Are cooking recipes copyrighted?

8 replies
Hi there -

I am looking to add some gluten-free recipes to my new membership site.

I have found a few plr recipes and wondered if anyone knew of anywhere where I could get a lot of plr articles of gluten free recipes.

Also I wondered if recipes were copyrighted the same as anything else written - as I am guessing a lot of people borrow them from each other for their cooks books all the time.

Any thoughts?

Thanks

John
#cooking #copyrighted #recipes
  • Profile picture of the author Ben Roy
    No, I don't believe that the recipes themselves are copyrighted. AllRecipes.com, one of the largest recipe sites on the Internet, has recipes from all the other sites and I'm relatively sure they never got permission to have them.
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    • Profile picture of the author Jack Duncan
      John,
      Here's a direct quote from a really good copyright attorney:

      "A mere listing of ingredients for a recipe is not copywritable. However, if a cookbook author spices up his or her recipes with explanatory material, such material is protectable."

      Recipes can also be protected under a patent...if there is a really unique step in the making of the food.

      Compilations of recipes are also protected...so be careful there. But the copyright only covers the selection and overall grouping of the recipes as a whole...not the individual recipes.

      And...copyright cannot protect a procedure...just the words that the cook uses to explain the procedure.

      Hope this helps,
      Jack
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    • Profile picture of the author KirkMcD
      The list of ingredients are not protected by copyright, but the directions on how to mix them are. Legally, if you don't have the permission of the author, you would need to rewrite the directions.


      U.S. Copyright Office - Recipes
      Mere listings of ingredients as in recipes, formulas, compounds, or prescriptions are not subject to copyright protection. However, when a recipe or formula is accompanied by substantial literary expression in the form of an explanation or directions, or when there is a combination of recipes, as in a cookbook, there may be a basis for copyright protection.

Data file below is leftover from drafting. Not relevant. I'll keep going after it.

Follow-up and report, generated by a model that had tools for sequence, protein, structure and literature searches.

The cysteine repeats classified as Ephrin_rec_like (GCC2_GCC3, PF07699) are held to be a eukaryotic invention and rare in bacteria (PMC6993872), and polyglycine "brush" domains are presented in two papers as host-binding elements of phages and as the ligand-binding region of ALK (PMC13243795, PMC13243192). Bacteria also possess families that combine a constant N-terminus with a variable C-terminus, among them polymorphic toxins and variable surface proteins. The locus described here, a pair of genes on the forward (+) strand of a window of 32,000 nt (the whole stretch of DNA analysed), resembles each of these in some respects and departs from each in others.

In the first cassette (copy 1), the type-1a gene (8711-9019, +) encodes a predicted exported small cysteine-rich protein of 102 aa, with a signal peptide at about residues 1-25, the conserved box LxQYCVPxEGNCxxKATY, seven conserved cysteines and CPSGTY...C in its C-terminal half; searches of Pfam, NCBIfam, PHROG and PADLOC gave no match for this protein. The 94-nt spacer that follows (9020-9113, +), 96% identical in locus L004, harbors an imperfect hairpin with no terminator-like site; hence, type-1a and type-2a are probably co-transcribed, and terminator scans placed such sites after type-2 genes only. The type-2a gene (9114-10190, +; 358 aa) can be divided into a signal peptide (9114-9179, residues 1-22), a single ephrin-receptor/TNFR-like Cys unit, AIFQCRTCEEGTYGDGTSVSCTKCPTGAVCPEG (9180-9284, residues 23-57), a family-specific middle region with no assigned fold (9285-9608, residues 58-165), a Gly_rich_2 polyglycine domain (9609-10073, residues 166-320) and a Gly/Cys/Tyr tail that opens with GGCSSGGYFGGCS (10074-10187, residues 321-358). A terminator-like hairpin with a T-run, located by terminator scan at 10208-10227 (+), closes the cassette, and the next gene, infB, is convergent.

Please also see for further discussion:
      Can a Recipe Be Stolen? - washingtonpost.com
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  • Profile picture of the author Ron Douglas
    Originally Posted by John Hillage View Post

    Hi there -

    I am looking to add some gluten-free recipes to my new membership site.

    I have found a few plr recipes and wondered if anyone knew of anywhere where I could get a lot of plr articles of gluten free recipes.

    Also I wondered if recipes were copyrighted the same as anything else written - as I am guessing a lot of people borrow them from each other for their cooks books all the time.

    Any thoughts?

    Thanks

    John
    Here's what the law says about recipe copyright:

    U.S. Copyright Office - Recipes

    Basically, you can't use some else's unique description for any recipe. Substantial literary expression is a copyright.
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  • Profile picture of the author James A. Miller
    Most of the time recipes aren't copyrightable. They lack originality. On the other hand, a collection of recipes can be copyrighted as well as recipes that give you additional and original advice on how to prepare a meal.
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  • Profile picture of the author jacktackett
    As folks have stated, lists of ingredient's can not be copyrighted. But just because something can not be copyrighted does not mean it can't be protected. As another poster stated recipes can be protected by other means - typically trade secretes, but patents are possible too.

    You should really consult a lawyer too - taking legal advice, even from a knowledgeable lay person as myself (;-)), should not be trusted.

    good luck,
    --Jack
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  • Profile picture of the author coco28
    I make lots of curry from recipes I find on the internet or in books. I never have the self discipline to stick to the recipe though - I always add more of something I like, or even ingredients which aren't included in the original recipe. The final result is usually then based on something which is unrecognizable from the original recipe. I think I could then call the recipe my own, then...

    Don't be too liberal with the spices, though. One curry I made from a recipe I "enhanced" with way too much extra spices caused my eyes to swell up to such an extent I looked like I'd gone 8 rounds with Mike Tyson. Tasted very nice, though...
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    coco

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  • Profile picture of the author John Hillage
    Thanks for the really helpful advise guys - much appreciated.
    John
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